Antigona Church

A dark stage, save one white light, shining like a beacon from above, casting a circle onto the black wooden floor.  Silence echoes off the stain glass windows, the rows of seats, and paper fans beating in anticipation, held by sweaty palms.

Then she steps in, and her heel drops.

The first beat, resounding in the cavernous space, then the second, and her face looks out asking,


As her fingers slice the air, breaking up the spotlight, she beckons us to join, surveying the dark, and lifting her skirt to reveal her voice.

The voice in her shoes.

Her song begins, and her call received as the spotlight widens to three guitars, singers, dancers, and a drummer, answering in kind as the music builds and all join in.

Welcome to the Story.

Welcome to Flamenco.  


This week I sat in absolute awe, witnessing Noche Flamenca’s production of Antigona, playing at the West Park Presbyterian Church in Manhattan.  While I am familiar with Sophocles’ Greek Tragedy, I have never seen this company, nor a stage production of the tale.

Their inventive storytelling, and powerful imagery sent shivers through my body.

“The themes in the work include catharsis, issues of dictatorship, repression, loss, the strength of family and female empowerment; strong themes not only in Sophocles but also in flamenco.”

I found that there were two main items that moved me to my core as I sat in the wooden pew: the total integration of all the artists on stage, and Antigone herself,

Soledad Barrio.

This was my first time witnessing her perform.  I have read about her several times in dance reviews, and as she turned and commanded the stage, I began to fully understand the words typed out in magazines and newspapers.

Soledad, born in Madrid, has appeared as a soloist with countless dance companies, winning awards from over 15 different countries, including a “Bessie” for Outstanding Creative Achievement.  Tonight her role wasn’t just as the lead, but also as choreographer.

As goosebumps rose up my legs, and I leaned forward in my seat, I knew my engagement was reflected by her commitment.  She strode onto the stage, a Goddess alight, with one intention,

To tell the story.

And all were with her in this intention.  All 18 bodies, whether creating from their hands, their heels, their guitar strings, their wailing voices, or their tapping fingers, all joined to create the world at the gate of Thebes.

They spoke
They sang
They played

And they danced.

At times, I felt I could do no more than just take in the whole, as each artist’s mastery filled the sanctuary.  I marveled at the singer’s soaring breath control, the guitarist’s intricate picking, and the director’s creative staging.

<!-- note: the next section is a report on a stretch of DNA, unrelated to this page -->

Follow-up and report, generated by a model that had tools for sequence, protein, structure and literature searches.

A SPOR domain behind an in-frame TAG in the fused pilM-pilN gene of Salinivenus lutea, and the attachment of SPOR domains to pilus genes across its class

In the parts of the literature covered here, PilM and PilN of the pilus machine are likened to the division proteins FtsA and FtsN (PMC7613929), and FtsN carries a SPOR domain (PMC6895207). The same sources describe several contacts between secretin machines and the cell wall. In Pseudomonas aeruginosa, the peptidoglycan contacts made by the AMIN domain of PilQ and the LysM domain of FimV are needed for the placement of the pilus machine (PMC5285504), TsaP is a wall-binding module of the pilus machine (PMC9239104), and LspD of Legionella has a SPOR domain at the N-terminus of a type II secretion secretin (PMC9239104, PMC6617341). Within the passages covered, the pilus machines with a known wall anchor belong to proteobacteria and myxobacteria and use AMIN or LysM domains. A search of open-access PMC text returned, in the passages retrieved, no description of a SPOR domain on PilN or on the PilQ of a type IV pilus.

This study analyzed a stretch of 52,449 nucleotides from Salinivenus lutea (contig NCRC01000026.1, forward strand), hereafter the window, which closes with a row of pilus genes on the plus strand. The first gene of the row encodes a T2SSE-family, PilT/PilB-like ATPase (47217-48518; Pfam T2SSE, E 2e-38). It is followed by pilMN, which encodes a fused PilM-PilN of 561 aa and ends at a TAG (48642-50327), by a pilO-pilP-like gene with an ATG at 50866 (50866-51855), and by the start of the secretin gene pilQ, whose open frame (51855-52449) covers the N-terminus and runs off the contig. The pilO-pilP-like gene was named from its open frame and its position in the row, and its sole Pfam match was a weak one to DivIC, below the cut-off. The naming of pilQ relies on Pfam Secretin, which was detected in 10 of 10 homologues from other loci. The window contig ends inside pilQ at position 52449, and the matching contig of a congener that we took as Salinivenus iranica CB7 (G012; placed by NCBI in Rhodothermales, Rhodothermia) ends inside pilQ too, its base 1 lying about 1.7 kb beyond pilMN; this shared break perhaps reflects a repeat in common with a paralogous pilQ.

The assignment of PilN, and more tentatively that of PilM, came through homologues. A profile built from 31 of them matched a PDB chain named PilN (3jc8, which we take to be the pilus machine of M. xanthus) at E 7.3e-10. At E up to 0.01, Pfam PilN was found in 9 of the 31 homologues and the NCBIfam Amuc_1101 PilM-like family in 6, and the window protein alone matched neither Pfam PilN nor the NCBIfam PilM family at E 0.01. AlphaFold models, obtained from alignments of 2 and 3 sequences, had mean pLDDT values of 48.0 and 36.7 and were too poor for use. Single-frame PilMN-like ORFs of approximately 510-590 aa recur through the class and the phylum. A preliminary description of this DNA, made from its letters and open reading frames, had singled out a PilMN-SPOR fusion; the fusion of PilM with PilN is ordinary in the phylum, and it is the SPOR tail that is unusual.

Elements intertwined in fabric, masks, levels, lighting, language, and movement.  I saw influence of traditional Greek tragedy to contemporary communication, jumping between chorus, duet, and solo.

If I isolated each of these things in the moment, I was lost.

The power was their integration.


I went from sitting forward, to exhaling back throughout the 90 minutes, slowly sipping a spicy ice tea and holding the sweating plastic to my skin to cool me down.

I was entranced.

Antigone entered the stage for her final solo in a long black dress, her exiled dance in a rocky cave.  In a semi circle stage left, sat a line of men, awaiting her cue.  Their intent and focus narrowed into her feet, her breath, and when she gave the signal, they exploded in song and rhythm, accompanying her dance.  The timing was flawless.

There was complete connection.


Upon the final moment I leapt to my feet to clap, hands raised in appreciation as I shouted out, “Bravo!”  My friends and I stayed rooted in our spot, even as the actors exited, and the audience left.  The energy was buzzing through our bodies.

The energy of inspiration.

We went for food and drink, our impressions and observations spilling over like sprinklers in a summer backyard.  The fire created now burned within our minds and planted seeds, wanting to emerge in our next projects.

What had we just experienced?


As I road the subway home in the urban July twilight, I read the program, and grabbed a pencil to underline the small black type:

“All aspects of flamenco – dance, song, and music – are interrelated and given weight creating a true communal spirit within the company: the very heart and soul of flamenco”

Each element indeed, all related to the whole.

So, in this moment of communion, what are you bringing?  

I’ll see you at the sprinkler.
Antigon Soledad